Thompson’s ideas for future growth are resource-based massive LNG and projects like Site C. Stupka decried an overemphasis on these old-school models as not terribly visionary and that “Site C will kill 10x more jobs than it creates…. and has killed wind farm development here in the Okanagan which would have brought hundreds of millions of dollars…” Both he and Cook see improving liveability as a means of attracting the “creative class” (Cook) into a “supportive environment” (Stupka again referencing the NDP/Green Emerging Economy Task Force). Cook went micro, praising the BC NDP’s recent broadband initiative allowing remote communities in the riding to develop in the household/remote economy, while Thompson went (way) macro: stating that big LNG projects put more money in the province overall, so we should support them.
8) Electoral reform is a polarizing topic at both the provincial and federal levels. In the age of internet access into almost every home, smartphones, seniors on iPads, and the like, why are we still using antiquated voting systems and not leveraging technology like online voting secured by blockchain, to improve the voting experience and overall participation. What are your thoughts on improving participation in the democratic decision-making processes in BC?
This came down to two things: how do we increase voter turnout, and is proportional representation preferable to the present first-past-the-post sytem. Regarding the latter it’s no surprise that the establishment party (Liberals) is not in favour of PR as it favours a larger range of parties being represented in Victoria, and the other parties mostly do, enjoying the boost it might give them. As well they speak of its democratic benefits: greater representation and more diverse voices in government (Stupka). The topic did provide for the one piece of humour during the event when the Libertarian Geronazzo mentioned that while many Libertarians are for PR, he is not because he is wary of the opportunity it may give to extreme parties (unlike his own?) to have a voice in the legislature.
Turnout-wise, the solutions ran between how to give a sense of efficacy to voters (Green and NDP) by working towards a system where citizens feel their participation matters, to the slightly cynical notion of paying people to vote (Conservative).
At the end of the hour, they finished with their closing comments. I’ll nutshell these and then add my two cents on their overall message conveyed here today.
Thompson: Less taxes – lotsa experience. I’m into jobs, but mostly pipeline and LNG ones .
Two cents from the peanut gallery: A well-spoken conservative (in Canada that just means neo-conservative or neo-liberal right? – none of the culture wars crap south of the border is implied by this term here, just super pro-market forces and not a lot of government spending) voice if not a bit too cynical: bribing folks to vote, offering a first free year of tuition, and making the parties who qualify for campaign financing (not his) feel guilty for not using it instead to fund homelessness feel like insincere ploys to me.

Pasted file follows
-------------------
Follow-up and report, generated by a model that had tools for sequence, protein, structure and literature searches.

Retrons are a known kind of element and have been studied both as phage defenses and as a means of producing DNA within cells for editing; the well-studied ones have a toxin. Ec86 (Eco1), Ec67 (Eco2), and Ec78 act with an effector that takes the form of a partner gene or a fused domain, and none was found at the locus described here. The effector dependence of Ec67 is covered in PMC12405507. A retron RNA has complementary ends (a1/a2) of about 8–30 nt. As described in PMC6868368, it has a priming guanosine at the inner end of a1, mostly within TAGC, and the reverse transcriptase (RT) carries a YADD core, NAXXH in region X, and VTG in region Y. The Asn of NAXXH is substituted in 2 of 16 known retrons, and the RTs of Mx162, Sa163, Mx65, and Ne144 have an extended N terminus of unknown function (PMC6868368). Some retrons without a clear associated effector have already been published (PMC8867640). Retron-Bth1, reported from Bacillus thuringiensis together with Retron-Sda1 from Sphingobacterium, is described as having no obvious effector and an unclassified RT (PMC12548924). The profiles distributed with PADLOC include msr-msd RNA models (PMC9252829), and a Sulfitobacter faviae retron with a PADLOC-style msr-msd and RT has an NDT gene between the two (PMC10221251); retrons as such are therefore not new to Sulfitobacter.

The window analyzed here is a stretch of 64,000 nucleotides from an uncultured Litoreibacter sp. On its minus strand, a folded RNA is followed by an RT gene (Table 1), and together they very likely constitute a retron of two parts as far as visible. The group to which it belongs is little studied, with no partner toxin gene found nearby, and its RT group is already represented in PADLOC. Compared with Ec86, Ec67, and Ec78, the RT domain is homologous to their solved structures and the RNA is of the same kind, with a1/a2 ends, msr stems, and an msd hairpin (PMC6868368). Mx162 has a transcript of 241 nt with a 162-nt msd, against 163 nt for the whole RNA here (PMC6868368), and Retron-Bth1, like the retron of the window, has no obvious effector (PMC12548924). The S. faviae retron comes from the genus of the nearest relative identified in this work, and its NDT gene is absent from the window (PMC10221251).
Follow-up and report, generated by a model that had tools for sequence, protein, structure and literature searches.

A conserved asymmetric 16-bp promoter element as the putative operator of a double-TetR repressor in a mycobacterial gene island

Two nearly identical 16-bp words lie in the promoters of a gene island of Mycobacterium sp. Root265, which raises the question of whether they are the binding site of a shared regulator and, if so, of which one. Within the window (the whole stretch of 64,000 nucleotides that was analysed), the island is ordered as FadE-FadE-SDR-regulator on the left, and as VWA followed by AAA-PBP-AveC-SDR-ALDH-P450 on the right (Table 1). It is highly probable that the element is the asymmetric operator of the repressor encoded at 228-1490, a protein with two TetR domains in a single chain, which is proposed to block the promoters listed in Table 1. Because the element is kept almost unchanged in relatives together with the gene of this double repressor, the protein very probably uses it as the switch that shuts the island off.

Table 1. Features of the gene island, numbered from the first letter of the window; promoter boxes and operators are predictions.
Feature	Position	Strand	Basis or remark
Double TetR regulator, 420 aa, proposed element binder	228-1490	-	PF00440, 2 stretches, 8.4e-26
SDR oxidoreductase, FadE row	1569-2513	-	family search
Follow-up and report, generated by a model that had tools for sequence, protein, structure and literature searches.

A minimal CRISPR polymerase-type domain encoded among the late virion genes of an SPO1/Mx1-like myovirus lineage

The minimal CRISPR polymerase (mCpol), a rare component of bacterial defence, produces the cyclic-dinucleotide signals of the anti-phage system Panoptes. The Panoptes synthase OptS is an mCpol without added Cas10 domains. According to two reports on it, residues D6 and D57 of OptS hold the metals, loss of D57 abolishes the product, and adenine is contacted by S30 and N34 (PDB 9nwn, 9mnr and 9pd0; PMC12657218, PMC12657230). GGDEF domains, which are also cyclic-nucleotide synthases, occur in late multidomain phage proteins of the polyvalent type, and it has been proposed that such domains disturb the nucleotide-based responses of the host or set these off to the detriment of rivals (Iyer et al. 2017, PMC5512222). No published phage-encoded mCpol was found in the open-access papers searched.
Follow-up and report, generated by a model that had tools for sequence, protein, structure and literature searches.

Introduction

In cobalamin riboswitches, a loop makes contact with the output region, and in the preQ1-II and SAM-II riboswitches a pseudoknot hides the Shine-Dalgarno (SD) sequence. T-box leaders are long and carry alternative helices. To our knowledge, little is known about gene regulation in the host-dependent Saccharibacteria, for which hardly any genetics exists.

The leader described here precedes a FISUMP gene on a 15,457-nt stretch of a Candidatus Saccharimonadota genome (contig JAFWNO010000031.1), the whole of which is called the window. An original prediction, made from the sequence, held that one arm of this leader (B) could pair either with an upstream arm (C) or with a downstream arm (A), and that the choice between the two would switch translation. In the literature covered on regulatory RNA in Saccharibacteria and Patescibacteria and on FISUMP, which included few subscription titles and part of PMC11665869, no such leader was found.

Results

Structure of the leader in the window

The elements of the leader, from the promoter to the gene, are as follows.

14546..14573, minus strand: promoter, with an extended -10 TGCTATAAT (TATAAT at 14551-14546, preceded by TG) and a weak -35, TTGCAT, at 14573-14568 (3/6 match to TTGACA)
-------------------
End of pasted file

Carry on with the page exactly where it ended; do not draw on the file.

Stupka: Real world experience – above big-party politics. I’m open to forward-thinking innovation.
Two cents from the peanut gallery: Likes to say “disrupt” a lot. The tolerance mileage for overused jargon like this may vary, but they are the clear third party now, and if he gets in, Kelowna will have a say in the “green caucus” of the province. It was a shame he read off his phone the whole time though.
Stewart: I can further my past experience contributions here. NDP spends too much on daycare and housing relief, and the Liberals won’t waste your money.
Two cents from the peanut gallery: While he has the bona fides of being an MLA during a time of growth for BC, especially in the resource sector, his overtures to the emerging tech economy, as well as remedying the social ills Kelowna is facing in addiction and homelessness, felt a little phoned in. Also it appeared he was caught up in double-speak when he criticized the NDP/Green government of lifting bridge tolls when, as Stupko later pointed out, his party was the only one campaigning on lifting them. Also, for someone with local MLA experience, he sure talked about Vancouver issues a lot.
Geronazzo: The same old parties are the worst – I’m the alternative.
Two cents from the peanut gallery: Oh he’s an alternative alright, if you want to live in Paul Ryan’s America. His demeanor came off as rather inexperienced – engaging in rhetorical reductions (constantly referring to ICBC as a “dumpster fire”, saying that our present educational funding system puts the money “straight into teachers hands”, that BC stands for the “Burn Cash” province) not unlike those you’d find from a Twitter troll. But hey, it takes all types to make the world go round.
Cook: Technology is fast and we don’t want to be left behind. New training and advanced education – a diversified economy are key to a healthy Kelowna. Keep in mind that at the caucus table, I’ll be able to bring your voice to Victoria.
Two cents from the peanut gallery: While pragmatic in parts – especially housing and homelessness – and consistent, her argument felt at times repetitive and vague (terms like “transforming the way we vote” or mentioning “landlord loopholes” left me wanting concrete examples).
Okay Kelowna West, that sums up what we heard from the candidates on Friday. If you want to dig a little deeper into the candidates’ respective platforms, please check out their websites (they are listed in the link below) and vote, vote, vote!
This article is the second of our Meet the Candidates series. The first was a brief background on the candidates, Kelowna West By-election Part 1: Meet the Candidates.